As part of a review of content, this course will be deleted from OpenLearn on 6 December 2018. It has been replaced by the course The science of nuclear energy.
The transformation of radioactive uranium and, in some instances, thorium isotopes provides vastly more energy per unit mass of fuel than any other energy source, except nuclear fusion, and therein lies its greatest attraction.
The potential of nuclear fuels for energy production became a reality when the first experimental atomic pile, built by Enrico Fermi and Léo Szilárd at the University of Chicago, began functioning in December 1942. That led to the manufacture of fissionable material for the first atomic weapons. The use of nuclear power for electricity production explanded rapidly in the 1960s, a period when the costs of building nuclear power stations and of purchasing the uranium fuel were thought to be less than for fossil fuel plants. The nuclear industry received a boost in the early 1970s, when fossil fuel prices rose abruptly during the oil crisis of 1974: following the Yom Kippur war of late 1973, oil producers in the Middle East quadrupled the price of their crude oil almost overnight.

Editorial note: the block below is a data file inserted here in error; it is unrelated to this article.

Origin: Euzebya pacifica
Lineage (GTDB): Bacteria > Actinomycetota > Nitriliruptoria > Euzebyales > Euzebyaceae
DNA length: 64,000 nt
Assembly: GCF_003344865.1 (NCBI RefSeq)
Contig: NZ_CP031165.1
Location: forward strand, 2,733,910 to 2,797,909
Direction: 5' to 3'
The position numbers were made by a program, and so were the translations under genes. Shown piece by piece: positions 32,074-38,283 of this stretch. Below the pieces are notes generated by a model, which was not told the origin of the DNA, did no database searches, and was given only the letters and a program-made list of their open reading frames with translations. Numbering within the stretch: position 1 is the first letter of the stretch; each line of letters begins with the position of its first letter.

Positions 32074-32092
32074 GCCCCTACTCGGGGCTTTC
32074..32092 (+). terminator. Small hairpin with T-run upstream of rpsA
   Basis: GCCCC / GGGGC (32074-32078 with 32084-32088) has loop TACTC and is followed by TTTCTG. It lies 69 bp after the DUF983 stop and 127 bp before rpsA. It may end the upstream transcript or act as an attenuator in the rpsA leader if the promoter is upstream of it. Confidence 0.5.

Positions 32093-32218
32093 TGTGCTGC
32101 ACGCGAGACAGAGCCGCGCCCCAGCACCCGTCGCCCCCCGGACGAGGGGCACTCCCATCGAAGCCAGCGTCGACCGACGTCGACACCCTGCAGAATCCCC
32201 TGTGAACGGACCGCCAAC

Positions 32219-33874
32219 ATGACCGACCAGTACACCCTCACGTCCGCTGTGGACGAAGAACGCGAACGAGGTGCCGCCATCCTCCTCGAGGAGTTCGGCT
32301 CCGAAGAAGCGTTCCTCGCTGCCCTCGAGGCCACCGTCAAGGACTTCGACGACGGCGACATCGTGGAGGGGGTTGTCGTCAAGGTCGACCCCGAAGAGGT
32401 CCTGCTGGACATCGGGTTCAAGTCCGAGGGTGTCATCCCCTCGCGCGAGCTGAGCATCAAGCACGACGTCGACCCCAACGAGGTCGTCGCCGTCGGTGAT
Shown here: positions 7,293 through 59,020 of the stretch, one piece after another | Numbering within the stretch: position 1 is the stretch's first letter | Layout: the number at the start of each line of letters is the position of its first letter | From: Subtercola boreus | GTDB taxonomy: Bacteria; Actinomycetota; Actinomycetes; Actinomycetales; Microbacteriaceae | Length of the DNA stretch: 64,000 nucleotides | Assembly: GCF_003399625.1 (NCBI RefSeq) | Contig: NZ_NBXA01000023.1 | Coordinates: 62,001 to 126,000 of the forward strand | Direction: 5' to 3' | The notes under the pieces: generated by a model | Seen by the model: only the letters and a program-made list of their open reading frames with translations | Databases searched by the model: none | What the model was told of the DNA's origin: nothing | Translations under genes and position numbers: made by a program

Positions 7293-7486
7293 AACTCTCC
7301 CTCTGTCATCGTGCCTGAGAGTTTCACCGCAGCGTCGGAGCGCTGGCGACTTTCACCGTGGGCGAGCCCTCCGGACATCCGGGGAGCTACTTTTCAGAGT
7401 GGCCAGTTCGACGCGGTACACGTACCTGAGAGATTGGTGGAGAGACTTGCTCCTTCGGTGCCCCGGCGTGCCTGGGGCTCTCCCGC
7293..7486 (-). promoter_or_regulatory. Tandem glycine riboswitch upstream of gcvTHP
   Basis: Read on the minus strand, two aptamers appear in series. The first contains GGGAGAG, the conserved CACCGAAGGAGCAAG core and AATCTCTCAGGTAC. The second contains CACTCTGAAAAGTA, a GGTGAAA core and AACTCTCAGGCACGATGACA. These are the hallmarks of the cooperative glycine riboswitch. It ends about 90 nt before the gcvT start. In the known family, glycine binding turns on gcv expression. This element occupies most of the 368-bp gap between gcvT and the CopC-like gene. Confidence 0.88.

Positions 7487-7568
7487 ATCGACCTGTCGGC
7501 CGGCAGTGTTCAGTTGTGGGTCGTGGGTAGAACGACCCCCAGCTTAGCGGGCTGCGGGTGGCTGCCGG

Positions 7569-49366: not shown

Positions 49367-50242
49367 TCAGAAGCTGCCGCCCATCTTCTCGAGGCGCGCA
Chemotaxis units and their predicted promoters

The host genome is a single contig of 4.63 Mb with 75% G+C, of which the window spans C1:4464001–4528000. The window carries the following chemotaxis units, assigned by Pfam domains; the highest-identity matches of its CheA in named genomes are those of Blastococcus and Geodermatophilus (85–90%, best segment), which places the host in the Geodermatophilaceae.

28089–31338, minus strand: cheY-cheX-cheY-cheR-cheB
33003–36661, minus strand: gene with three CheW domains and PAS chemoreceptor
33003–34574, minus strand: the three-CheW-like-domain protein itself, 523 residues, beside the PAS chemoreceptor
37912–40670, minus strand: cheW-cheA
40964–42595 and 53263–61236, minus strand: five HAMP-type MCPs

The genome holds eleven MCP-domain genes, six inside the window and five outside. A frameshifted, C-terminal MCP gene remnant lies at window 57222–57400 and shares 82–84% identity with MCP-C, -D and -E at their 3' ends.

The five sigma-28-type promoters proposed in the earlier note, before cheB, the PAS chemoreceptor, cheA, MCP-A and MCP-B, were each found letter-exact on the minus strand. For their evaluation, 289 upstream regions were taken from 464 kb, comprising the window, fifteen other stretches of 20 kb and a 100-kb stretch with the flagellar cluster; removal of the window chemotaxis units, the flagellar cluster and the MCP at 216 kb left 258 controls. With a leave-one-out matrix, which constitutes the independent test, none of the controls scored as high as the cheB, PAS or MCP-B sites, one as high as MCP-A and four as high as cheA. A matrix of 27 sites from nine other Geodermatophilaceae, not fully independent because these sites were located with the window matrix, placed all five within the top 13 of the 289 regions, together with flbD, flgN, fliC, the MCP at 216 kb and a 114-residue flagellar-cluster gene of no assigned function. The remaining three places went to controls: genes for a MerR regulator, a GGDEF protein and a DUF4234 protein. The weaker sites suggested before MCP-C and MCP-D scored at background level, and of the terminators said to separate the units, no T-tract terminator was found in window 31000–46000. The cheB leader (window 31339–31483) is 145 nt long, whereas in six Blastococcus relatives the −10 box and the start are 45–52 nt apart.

During the 1980s, however, the costs of building nuclear power stations rose inexorably as stringent safety requirements grew, especially following the accident Three Mile Island in Pennsylvania (1979) and the much larger one at Chernobyl (1986) in the Ukraine. By the early 1990s the global rate of expansion of the nuclear industry had slowed almost to a standstill and fuel got cheaper as the power stations became more expansive.
Today, with growing concern about global warming, the environmental advantage of nuclear power over fossil fuels is becoming increasingly recognised: it produces no greenhouse gases. It also produces no acid rain, unlike coal and to a lesser extent oil.
This course looks at nuclear reactions, reactors and power generation. It looks at the properties of uranium, how and where it is mined, and why nuclear waste is potentially a serious hazard and allows us to consider the advantages and limitations of the situation in which we find ourselves today.
This OpenLearn course provides a sample of level 2 study in Science
After studying this course, you should be able to:
distinguish between energy produced by nuclear fission and radioactive decay
describe the principles behind nuclear 'burner' and nuclear 'breeder' reactors